Review by Shellie for Descent by Sandy DeLuca
Shellie’s quick take: A slowly intensifying and terrifying page turner that details a woman’s descent into abuse, addiction, and hell and/or insanity. It’s not a novel for the faint-of-heart.
Shellie’s description: The story alternates between two different times in the main character’s life, the past (occurring during the 1970’s) and the present. The main character, Julia, is a creative personality, an artist who paints pictures and cares for her ailing mother at the family home. She also has a terrible past and secrets that come to light as the story of her youthful life unfolds.
As a young girl she didn’t have the emotional support of her parents who dismissed her art, asserting that her life should be one of traditional domesticity. In fact her mother, the only surviving family member, is still verbally abusive. This created a background which led her to choose the wrong man – a deranged psychopath. As the story moves along her secrets and the reasons for succumbing to the lure of mind-numbing substances and horrible men become clearer.
With themes of demons, angels and the beings that exist in between the realms of good and evil, Julia finds power, retribution, and some kind of peace in spite of her descent.
Shellie’s thoughts: This is a wonderful and horrifying novel. It has a writing style that is easy to read and follow, the author moving back and forth between the past and present as the main character’s terrible story is told. With no issues in the pacing or editing to mar the reading experience, it’s a seamless read.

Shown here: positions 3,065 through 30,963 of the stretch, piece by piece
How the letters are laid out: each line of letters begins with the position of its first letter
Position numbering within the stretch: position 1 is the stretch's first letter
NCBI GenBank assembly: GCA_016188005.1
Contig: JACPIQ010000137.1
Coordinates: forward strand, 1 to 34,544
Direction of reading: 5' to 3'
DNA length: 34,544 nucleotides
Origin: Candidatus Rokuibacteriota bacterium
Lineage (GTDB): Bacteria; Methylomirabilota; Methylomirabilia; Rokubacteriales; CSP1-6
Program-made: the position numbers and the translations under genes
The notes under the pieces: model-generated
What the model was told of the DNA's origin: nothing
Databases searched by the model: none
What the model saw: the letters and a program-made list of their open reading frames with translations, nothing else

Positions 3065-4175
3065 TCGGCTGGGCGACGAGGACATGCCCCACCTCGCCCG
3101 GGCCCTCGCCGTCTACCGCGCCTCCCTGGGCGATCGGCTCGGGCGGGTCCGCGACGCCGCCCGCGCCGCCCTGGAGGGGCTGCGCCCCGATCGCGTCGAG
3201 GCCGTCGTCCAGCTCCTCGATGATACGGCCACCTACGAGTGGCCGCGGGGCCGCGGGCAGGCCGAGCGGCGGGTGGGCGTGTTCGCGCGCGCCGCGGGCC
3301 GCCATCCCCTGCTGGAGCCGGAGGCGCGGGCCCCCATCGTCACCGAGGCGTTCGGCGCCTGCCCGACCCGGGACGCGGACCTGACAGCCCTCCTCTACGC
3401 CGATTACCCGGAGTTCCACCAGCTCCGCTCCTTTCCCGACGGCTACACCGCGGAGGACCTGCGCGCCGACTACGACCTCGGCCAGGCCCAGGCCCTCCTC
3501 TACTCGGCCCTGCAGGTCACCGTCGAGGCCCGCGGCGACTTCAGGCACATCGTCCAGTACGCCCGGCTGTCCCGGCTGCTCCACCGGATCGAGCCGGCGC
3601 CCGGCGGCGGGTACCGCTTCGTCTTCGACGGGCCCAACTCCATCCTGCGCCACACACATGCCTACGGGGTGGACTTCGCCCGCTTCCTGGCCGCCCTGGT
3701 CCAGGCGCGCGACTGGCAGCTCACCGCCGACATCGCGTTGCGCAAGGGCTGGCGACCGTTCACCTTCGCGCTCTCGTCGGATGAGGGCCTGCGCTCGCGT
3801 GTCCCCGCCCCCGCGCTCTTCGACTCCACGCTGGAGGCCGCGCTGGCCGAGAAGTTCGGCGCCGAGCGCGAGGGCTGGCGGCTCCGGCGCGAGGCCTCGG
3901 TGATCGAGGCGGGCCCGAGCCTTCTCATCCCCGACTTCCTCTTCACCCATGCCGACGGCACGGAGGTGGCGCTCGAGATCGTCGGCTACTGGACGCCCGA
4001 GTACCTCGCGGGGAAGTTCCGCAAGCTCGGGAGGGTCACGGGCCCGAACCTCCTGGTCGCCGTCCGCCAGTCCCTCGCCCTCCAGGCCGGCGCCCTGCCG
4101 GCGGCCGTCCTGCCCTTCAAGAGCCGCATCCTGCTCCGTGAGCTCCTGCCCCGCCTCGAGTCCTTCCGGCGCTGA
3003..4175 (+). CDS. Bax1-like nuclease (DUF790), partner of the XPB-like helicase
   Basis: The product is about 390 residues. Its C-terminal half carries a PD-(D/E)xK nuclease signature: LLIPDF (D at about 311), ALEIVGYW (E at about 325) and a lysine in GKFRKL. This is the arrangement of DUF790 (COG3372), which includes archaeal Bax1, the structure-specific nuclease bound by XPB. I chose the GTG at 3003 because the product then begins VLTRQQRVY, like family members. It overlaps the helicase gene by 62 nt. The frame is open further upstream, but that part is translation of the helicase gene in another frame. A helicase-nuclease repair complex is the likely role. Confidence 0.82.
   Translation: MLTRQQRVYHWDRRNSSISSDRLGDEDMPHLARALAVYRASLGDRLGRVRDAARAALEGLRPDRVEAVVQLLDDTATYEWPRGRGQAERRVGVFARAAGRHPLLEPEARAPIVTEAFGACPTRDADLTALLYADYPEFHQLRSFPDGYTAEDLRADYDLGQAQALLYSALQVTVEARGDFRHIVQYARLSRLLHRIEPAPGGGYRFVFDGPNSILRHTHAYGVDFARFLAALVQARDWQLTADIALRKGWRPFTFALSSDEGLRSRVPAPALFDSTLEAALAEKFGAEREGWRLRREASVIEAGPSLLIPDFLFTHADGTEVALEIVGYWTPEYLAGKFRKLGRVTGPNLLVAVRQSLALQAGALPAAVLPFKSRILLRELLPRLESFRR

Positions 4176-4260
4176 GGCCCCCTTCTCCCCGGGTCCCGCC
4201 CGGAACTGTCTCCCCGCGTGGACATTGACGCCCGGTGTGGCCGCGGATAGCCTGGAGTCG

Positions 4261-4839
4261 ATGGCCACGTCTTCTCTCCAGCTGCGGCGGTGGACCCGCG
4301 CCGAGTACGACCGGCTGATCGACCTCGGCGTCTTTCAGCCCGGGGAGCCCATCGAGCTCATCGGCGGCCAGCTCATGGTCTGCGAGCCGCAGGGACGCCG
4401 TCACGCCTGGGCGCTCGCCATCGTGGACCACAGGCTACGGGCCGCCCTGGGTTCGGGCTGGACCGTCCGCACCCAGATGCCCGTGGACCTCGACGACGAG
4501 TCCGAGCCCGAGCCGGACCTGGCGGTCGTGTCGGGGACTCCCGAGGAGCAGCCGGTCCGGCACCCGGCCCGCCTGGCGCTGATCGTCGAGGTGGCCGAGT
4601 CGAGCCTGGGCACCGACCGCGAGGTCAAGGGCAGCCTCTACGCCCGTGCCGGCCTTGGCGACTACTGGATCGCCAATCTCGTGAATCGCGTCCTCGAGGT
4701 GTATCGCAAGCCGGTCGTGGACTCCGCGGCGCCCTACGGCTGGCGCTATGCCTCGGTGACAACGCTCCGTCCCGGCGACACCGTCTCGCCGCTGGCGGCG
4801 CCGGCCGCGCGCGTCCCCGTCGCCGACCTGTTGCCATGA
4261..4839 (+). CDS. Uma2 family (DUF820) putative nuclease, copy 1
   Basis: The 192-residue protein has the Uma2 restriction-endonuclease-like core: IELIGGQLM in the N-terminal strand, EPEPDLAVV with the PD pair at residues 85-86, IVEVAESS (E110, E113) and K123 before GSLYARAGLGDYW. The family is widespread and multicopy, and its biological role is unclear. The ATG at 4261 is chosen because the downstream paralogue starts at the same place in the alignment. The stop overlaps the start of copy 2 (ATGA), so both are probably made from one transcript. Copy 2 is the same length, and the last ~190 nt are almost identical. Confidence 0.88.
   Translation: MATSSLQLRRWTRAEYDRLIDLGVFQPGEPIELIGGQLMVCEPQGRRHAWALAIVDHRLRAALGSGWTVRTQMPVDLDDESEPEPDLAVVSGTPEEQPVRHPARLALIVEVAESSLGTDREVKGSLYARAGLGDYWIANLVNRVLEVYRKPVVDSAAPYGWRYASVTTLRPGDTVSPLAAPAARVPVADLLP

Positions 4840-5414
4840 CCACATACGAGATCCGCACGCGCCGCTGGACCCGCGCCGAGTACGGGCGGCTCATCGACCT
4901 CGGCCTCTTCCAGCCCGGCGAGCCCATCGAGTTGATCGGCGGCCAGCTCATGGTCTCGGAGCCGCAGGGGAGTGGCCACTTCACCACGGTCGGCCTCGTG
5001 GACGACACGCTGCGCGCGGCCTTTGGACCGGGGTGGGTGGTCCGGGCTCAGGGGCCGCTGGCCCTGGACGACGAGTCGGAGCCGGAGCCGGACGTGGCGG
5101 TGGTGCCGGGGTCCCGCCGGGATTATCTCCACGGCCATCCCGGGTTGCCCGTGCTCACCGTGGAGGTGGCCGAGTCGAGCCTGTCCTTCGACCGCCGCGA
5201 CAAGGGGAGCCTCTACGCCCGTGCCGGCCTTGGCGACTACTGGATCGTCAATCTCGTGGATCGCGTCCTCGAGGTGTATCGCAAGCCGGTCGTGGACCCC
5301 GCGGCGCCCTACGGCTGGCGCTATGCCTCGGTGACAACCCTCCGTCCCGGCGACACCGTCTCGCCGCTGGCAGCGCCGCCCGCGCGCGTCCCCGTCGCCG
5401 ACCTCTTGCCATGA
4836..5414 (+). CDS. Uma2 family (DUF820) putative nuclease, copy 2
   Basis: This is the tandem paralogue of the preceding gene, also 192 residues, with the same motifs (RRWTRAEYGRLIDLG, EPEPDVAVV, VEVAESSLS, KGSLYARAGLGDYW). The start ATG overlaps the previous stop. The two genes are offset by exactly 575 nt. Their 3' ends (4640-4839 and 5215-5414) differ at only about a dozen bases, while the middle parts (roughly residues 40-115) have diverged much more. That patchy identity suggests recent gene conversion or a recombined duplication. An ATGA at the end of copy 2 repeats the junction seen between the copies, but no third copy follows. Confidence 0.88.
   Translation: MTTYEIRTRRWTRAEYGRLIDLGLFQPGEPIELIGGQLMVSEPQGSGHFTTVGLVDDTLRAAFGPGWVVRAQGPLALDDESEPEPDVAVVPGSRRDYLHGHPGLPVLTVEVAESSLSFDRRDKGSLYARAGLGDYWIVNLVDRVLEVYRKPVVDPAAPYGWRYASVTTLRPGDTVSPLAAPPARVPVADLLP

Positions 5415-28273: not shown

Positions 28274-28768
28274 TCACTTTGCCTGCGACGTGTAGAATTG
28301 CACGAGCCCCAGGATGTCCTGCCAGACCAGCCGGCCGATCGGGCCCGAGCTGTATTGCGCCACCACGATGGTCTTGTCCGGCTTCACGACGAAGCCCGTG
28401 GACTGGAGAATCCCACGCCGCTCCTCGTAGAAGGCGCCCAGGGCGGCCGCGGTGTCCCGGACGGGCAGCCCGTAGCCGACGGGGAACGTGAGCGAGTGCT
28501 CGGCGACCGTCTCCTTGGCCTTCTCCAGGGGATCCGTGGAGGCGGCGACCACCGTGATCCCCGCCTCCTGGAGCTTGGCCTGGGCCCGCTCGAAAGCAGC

Additionally, what Sandy DeLuca does is to lead the reader into the darkness slowly, increasing the tension so that the book becomes difficult to put down. It’s hard to turn away as the plot slowly crashes to its climax – and just like a gawker at a crime scene or auto accident, the reader is left wanting to see what’s happening even though we know it’s not going to be pleasant.
I would recommend Descent especially to women who love horror or crime fiction since it involves issues that are important to and about women, but I’d also recommend it to anyone who loves literary horror, since they too will enjoy the book. A word of caution though – this book is extremely dark, has strong language, and is at times violent. It’s NOT for persons of sensitive or delicate sensibilities. But since I love tastefully dark, visceral and shocking reads it’s a 4 star in my opinion.
Paperback | 308 pages | June 13, 2011 |Uninvited Books | (first published January 1st 2005)
For more information about Sandy DeLuca, her artwork, and writing link to her website: http://www.sandydeluca.com/
An eclectic blog with an affinity for the speculative.
*Republished under a Creative Commons Attribution3.0 United States License (